Julie Summers delves into the history of her famous relative in Fearless on Everest: The Quest for Sandy Irvine. The author makes a lucky strike after she convinces her extended family to root through their attics in search of missing documents by Irvine, uncovering a trove of letters, photos, and other historical goodies collected by his father. She significantly updates his biography, giving his historical representation emotional depth, greater intelligence, and a comprehensible set of motivations. (For a bare-bones account of his early life and two major expeditions, see Herbert Carr's The Irvine Diaries.) She hashes out many of his activities that are relatively ambiguous in earlier literature, such as what he actually climbed before heading to Everest, his relationship with his best friend's step-mother, why he was likely chosen for the Everest climb, and his brief skiing career. The found archive includes technical drawings of Irvine's redesigned oxygen apparatus (as submitted to Siebe Gorman before the expedition) that looks like a much tidier version of what he eventually created from the junk that the firm sent to India for the climbers' use. Overall, Summers writes the book Irvine has deserved for quite a while, changing him from a stereotype to a stupendous character.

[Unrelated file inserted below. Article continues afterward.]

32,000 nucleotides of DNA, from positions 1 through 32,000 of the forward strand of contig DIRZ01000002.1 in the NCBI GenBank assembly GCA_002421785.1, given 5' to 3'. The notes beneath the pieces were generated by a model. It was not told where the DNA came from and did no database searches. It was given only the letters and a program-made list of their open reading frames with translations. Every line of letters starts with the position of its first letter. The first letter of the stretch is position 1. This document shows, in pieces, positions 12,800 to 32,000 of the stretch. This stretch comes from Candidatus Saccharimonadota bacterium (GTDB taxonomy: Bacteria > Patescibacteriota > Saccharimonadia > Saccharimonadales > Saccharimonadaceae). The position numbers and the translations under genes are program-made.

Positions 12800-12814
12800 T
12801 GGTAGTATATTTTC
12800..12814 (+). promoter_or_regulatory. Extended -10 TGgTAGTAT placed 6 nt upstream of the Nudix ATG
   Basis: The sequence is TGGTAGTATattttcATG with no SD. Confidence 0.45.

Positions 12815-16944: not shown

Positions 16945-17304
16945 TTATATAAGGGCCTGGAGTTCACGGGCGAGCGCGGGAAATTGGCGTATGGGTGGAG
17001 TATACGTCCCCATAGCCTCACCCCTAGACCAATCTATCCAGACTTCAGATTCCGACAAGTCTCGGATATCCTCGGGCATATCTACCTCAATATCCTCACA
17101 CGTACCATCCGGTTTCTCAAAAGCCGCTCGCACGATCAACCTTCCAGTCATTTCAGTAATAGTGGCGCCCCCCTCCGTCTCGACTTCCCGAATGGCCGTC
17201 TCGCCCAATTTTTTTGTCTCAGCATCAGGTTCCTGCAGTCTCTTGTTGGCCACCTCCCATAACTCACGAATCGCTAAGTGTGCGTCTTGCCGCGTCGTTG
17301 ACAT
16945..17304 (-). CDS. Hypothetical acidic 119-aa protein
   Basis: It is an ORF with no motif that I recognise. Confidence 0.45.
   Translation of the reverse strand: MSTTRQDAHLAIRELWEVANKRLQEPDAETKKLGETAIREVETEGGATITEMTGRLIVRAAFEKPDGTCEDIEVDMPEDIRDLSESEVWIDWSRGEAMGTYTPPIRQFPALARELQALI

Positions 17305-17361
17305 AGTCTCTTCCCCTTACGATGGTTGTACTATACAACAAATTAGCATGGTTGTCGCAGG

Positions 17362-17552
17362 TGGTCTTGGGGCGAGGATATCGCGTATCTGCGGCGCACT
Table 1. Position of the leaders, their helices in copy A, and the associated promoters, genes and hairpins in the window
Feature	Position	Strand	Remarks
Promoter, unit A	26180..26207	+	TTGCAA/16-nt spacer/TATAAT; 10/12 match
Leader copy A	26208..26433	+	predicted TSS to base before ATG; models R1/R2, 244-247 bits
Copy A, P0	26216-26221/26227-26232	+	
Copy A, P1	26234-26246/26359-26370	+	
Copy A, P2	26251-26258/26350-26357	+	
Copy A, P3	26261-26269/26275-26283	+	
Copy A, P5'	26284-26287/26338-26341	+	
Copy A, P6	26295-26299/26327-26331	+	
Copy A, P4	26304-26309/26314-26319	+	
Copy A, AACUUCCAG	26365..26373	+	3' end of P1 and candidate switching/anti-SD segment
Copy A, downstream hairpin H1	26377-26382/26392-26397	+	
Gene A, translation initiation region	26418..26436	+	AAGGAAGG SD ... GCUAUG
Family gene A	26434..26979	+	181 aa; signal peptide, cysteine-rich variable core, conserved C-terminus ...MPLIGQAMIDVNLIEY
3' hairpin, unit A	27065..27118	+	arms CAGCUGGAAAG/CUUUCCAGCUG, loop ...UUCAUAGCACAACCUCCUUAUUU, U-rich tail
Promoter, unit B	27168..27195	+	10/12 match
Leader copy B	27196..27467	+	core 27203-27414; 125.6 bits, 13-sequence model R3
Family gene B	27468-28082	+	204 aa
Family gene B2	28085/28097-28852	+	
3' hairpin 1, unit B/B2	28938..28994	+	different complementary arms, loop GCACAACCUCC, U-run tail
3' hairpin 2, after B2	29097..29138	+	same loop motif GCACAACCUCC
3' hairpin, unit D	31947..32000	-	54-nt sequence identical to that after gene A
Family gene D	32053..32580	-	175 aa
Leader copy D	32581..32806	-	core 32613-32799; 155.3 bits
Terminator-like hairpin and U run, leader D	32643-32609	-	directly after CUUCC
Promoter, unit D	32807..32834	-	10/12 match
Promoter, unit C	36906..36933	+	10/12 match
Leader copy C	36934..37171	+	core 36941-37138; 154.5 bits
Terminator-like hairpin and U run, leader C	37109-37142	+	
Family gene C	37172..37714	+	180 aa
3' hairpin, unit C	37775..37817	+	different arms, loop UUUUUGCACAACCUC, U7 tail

Summers fills out the 1924 Everest expedition story with a collection of letters Irvine wrote to friends and family. His previously-available diary documents mostly basic details about his movements and the Sisyphean repair and redesign of the oxygen apparatus en route. The letters (and some photos) add quite a bit of color and emotion to his tale, and Summers sprinkles quotes from them into the well-known narrative of the climb. Additionally, she includes excerpts from some of the 70 consolation letters kept by his family, including the full text of a letter from Norton. She mentions that Odell remained a life-long friend of the family, especially to Irvine's father, and discusses his change over time of his story of his last sighting of Mallory and Irvine. She puts down Mallory's choosing Irvine to accompany him for the summit climb to a mixture of utility and mentor-ly affection, and she takes comfort that finding Somervell's camera could only conclusively prove their reaching the summit, and nothing will ever definitively disprove it. She believes that Odell might have been using an oxygen set that had been malfunctioning and had parts pirated from it, thereby deriving little benefit from its use. Correspondingly, Irvine's archive includes a letter stating the great benefit he got from using one of his refashioned oxygen apparatuses to ascend the North Col. Over the course of the expedition, she shows Irvine to be both a mechanical wonder and a physical powerhouse, who, even according to Hingston, was fitter than Odell at the time Mallory chose summit parties. She writes a great defense of Irvine, and a great book, to boot!